Mallika is a reluctant learner-turned-artivist

Mallika is a reluctant learner-turned-artivist

Mallika Sarabhai was in the city for a performance.

Dancer, author or ‘socialite activist’, call her what you may but the one thing that strikes you instantaneously about Mallika Sarabhai is her admiration for her mother Mrinalini Sarabhai.

Mallika mirrors her mother in her dance and her activism and, that their dance academy in Ahmedabad is called Darpana, is just a coincidence.

‘Reluctant learner’

Here in Bengaluru for the birth centenary celebrations of legendary danseuse Mrinalini Sarabhai, Mallika says that she was actually a reluctant learner and took to dance only because everyone else in her class was learning and there was nobody to play with. “I was also not taught by my mother because she trained only professional dancers then. I started off learning from Kittapa Pillai, the last of the lineage of the Tanjore quartet brothers,” she says.

 Watching my mother during the initial years influenced my aesthetics and passion to use dance as a means to communicate. I soon began to believe that arts can be a very persuasive language for social change, she says. 

Brand of activism

 My activism was inborn but the ability to use the arts as a medium came much later, she says. “Till 1990, when I was associated with Peter  Brook’s adaptation of Draupadi, I thought of myself as an interpreter for the arts but never as a creator. But playing Draupadi for five years made me realise how much I was affecting women across the globe so I came out with it thinking I’m an activist and an artist but I  need to merge the two. Somebody actually coined the word artivist which I adopted, she says.

Foray into politics
“Five years before I joined politics in 2009, I went around the country to collect a band of 200 people who believed that the country needs governance and not politics. Such a band was needed to be committed to their country and not their bank balances, not to perpetuating their own wealth and not being the kind of vile and vinyl people we see constantly. If 50 of us had got elected from such a group, we could have brought about a change,” she says.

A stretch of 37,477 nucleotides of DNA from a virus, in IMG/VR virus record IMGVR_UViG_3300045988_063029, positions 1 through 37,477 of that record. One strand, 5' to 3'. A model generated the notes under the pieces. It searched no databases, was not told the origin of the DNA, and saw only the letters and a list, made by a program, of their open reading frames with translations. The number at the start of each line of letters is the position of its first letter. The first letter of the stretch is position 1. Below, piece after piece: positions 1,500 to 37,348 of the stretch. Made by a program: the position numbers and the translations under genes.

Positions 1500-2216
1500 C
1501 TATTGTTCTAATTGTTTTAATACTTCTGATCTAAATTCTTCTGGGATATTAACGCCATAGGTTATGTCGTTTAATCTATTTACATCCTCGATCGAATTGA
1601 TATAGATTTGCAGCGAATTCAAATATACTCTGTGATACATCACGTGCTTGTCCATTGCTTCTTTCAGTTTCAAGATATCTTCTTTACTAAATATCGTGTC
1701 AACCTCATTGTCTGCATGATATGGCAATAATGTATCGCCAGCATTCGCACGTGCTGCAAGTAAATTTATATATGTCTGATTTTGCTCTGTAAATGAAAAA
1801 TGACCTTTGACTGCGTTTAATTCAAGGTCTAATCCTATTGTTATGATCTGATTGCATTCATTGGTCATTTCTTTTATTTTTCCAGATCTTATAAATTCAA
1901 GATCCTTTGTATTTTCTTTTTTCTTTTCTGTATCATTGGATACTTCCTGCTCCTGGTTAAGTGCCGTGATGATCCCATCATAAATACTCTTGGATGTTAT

Failing in her attempts, she went solo and stood for the 2009 elections against BJP stalwart L K Advani. She lost miserably. “Had it not been for muscle power, physical threats given by ‘neutral party workers’ standing inside each booth and the fact that the Gujarat Congress pitted a rich Patel NRI candidate against me, I would have had a chance,” she says.

She refutes rumours that she was ever the “ghost candidate” for Congress, as was rumoured back then. “I was in fact offered a ticket by Congress from 1984 but I never accepted it as I was opposed to the nepotism in the party,” she says.

Ask her about her joining  AAP, and she says that she was an admirer of Arvind Kejriwal and believed in his line of thought.

“However, within 24 hours, the kind of people joining AAP was so appalling that I exited the party. I was averse to the misogyny, casteism and corruption and thus disassociated myself with the party,” she says. She does not regret the one and a half months of elections and calls it the biggest learning. Sadly politics cannot be fought without “goondagardi”, muscle and money power, she rues.

Unique tribute 

Mallika’s unique tribute to her mother when she died was much talked about. “It was completely impromptu as how else could I wish her all the best for her future journey,” she asks.

 It also brings back bitter memories of Prime Minister Narendra Modi ignoring to acknowledge Mrinalini Sarabhai’s contribution to Indian culture. “It was sad that a public figure like Modi, who tweets continuously,  chose to keep mum. It was not about me and not about politics but he chose to not pay a tribute, that was wrong,” she says.

 ‘No Bengaluru no Mallika’

 “My parents met and got married here so if it was not for Bengaluru, I wouldn’t be sitting here,” she says. Mallika loves the city as she spent many holidays here as a child. “My Cubbon Park breakfast is a taste in my mouth that I don’t want to alter by going back to eat a dosa there because if it doesn’t taste the same, then my memories would get ruined,” she says. I also hate trees being cut here as back in Gujarat, trees don’t grow, she says.


About Mallika


Mad about my dogs

A passionate
multi-book reader

Can’t cook

Food tastes completely Dravidian